When it comes to the beauty industry, the fight against shade inequality is nothing new. For decades, the beauty world, including the skincare one, has left dark skin tones on the side. Thankfully, celebrities, inclusive advocates, and forward-thinking brands alike are becoming more inclusive and discussing all skin colors’ concerns equally. If you have dark skin, you probably know that your skincare routine needs to be different. Here’s what you should know about caring for darker skin.
Focus on Moisturizing
You might notice that your skin is drier than most people. Well, research suggests that dark skin types lose moisture quicker than lighter skin tones. Incorporating a rich moisturizer into your skincare routine is critical for nourishing your skin.
Look for a moisturizer that locks in moisture with ingredients like hyaluronic acid. However, make sure the formula you choose is noncomedogenic to prevent it from clogging your pores. Some people use moisturizers like petroleum jelly, but this might not be ideal for every skin type. Whichever you choose, make sure to apply it every morning and night. Don’t forget to drink plenty of water, and indulge in water-rich foods to help make sure your skin remains hydrated.
Do NOT Skip the Sunscreen
It’s a popular myth that darker skin tones don’t get skin cancer. However, those who get it are more likely to pass away from the condition. Because skin cancer lesions are more difficult to spot in darker skin tones, most people discover they have the condition in advanced stages.
Become extra diligent about applying sunscreen every day. Choose a product with at least SPF 35 that protects from both UVA and UVB rays. Don’t forget to reapply sunscreen every three to four hours, and immediately after being in the water. Additionally, if you spend a lot of time under the sun, make sure you’re wearing sun-protective clothes, including hats and sunglasses.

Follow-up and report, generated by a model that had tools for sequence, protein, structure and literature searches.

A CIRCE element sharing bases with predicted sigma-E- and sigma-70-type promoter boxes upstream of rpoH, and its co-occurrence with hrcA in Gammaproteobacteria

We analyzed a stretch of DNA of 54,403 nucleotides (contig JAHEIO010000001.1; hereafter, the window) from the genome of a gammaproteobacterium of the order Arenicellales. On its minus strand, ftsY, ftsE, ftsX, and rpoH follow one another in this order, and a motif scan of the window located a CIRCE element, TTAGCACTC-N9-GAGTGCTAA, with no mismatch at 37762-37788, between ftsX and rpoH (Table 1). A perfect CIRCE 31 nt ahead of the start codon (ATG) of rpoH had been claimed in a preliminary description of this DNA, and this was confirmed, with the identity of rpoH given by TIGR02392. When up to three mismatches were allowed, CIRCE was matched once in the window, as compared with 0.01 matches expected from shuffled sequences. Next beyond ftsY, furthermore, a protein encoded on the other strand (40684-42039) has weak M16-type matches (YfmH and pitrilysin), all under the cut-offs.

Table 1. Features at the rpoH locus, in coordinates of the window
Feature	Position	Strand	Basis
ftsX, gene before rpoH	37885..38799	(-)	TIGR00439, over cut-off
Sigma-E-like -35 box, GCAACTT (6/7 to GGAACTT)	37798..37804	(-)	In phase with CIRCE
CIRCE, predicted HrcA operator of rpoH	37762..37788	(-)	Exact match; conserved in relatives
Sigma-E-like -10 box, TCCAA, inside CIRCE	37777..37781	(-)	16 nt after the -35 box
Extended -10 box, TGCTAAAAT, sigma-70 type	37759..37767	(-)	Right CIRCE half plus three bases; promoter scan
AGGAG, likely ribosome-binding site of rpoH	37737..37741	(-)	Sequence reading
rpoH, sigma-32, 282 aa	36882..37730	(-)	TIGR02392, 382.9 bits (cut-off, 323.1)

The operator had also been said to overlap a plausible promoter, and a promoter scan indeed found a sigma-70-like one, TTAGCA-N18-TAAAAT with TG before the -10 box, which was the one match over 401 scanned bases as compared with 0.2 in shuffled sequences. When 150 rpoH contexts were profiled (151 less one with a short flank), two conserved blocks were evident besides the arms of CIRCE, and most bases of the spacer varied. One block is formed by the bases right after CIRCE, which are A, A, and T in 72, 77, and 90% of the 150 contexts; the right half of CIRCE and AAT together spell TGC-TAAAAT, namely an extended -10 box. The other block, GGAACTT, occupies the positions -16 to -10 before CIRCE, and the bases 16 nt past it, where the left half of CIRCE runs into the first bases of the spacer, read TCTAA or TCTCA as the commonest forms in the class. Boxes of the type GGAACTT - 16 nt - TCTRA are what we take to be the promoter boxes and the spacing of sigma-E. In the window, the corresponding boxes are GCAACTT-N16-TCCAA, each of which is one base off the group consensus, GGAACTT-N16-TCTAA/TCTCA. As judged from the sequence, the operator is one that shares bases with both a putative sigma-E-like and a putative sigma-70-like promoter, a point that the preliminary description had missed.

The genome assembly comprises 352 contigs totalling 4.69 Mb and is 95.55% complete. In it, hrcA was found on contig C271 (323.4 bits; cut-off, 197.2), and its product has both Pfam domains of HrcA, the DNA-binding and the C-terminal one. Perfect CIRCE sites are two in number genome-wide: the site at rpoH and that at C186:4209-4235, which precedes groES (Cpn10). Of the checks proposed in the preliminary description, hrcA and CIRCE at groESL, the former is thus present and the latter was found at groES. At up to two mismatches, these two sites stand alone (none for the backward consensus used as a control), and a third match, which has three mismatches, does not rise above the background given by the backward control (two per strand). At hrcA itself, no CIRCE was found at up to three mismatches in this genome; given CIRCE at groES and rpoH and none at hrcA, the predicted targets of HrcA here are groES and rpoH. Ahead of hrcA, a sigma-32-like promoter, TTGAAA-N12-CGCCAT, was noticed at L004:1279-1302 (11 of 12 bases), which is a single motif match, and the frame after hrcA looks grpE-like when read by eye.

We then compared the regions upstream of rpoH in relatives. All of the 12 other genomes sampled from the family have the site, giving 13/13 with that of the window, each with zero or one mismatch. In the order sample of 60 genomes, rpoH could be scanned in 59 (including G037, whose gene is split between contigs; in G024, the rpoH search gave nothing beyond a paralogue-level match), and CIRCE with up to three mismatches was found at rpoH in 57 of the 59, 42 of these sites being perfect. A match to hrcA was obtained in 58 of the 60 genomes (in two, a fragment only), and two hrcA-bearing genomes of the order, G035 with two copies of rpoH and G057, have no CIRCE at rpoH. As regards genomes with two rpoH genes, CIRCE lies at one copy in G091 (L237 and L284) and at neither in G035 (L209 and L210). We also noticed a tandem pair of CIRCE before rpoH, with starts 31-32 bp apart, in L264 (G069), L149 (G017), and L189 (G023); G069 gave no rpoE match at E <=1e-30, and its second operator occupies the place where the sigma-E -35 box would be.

Make Hyperpigmentation Your Main Concern
Hyperpigmentation affects all skin shades and types. Any inflammation, such as acne or eczema, can leave hyperpigmentation spots, also known as dark spots. Women with darker skin often experience hyperpigmentation post-pregnancy or when taking oral contraceptives.
That’s another reason to make sure sunscreen is an essential part of your skincare treatment. While it won’t treat hyperpigmentation, it will prevent spots from becoming darker. Additionally, you might use skincare products that contain vitamin C or hydroquinone to reduce hyperpigmentation. However, make sure to check with your dermatologist first as these two ingredients can react to others, such as retinoids or skincare acids.
Find a Specialized Dermatologist
In a recent U.S. survey, around 47% of dermatologists said their medical training was inadequate in how to treat skin conditions in darker skin tones. You must seek out a dermatologist with experience handling your skin color. While this might sound silly, you’ll be surprised how few dermatologists find themselves comfortable in treating pigmentary disorders. Use services like the Skin of Color Society to find a specialized dermatologist in your area.
A Note from GR8NESS
As you celebrate the color of your skin, make sure you’re also paying attention to the way you treat it. Make sure you’re listening to your skin’s needs and speaking with someone who understands and has experience with darker skin tones. Keep on shining, GR8 you!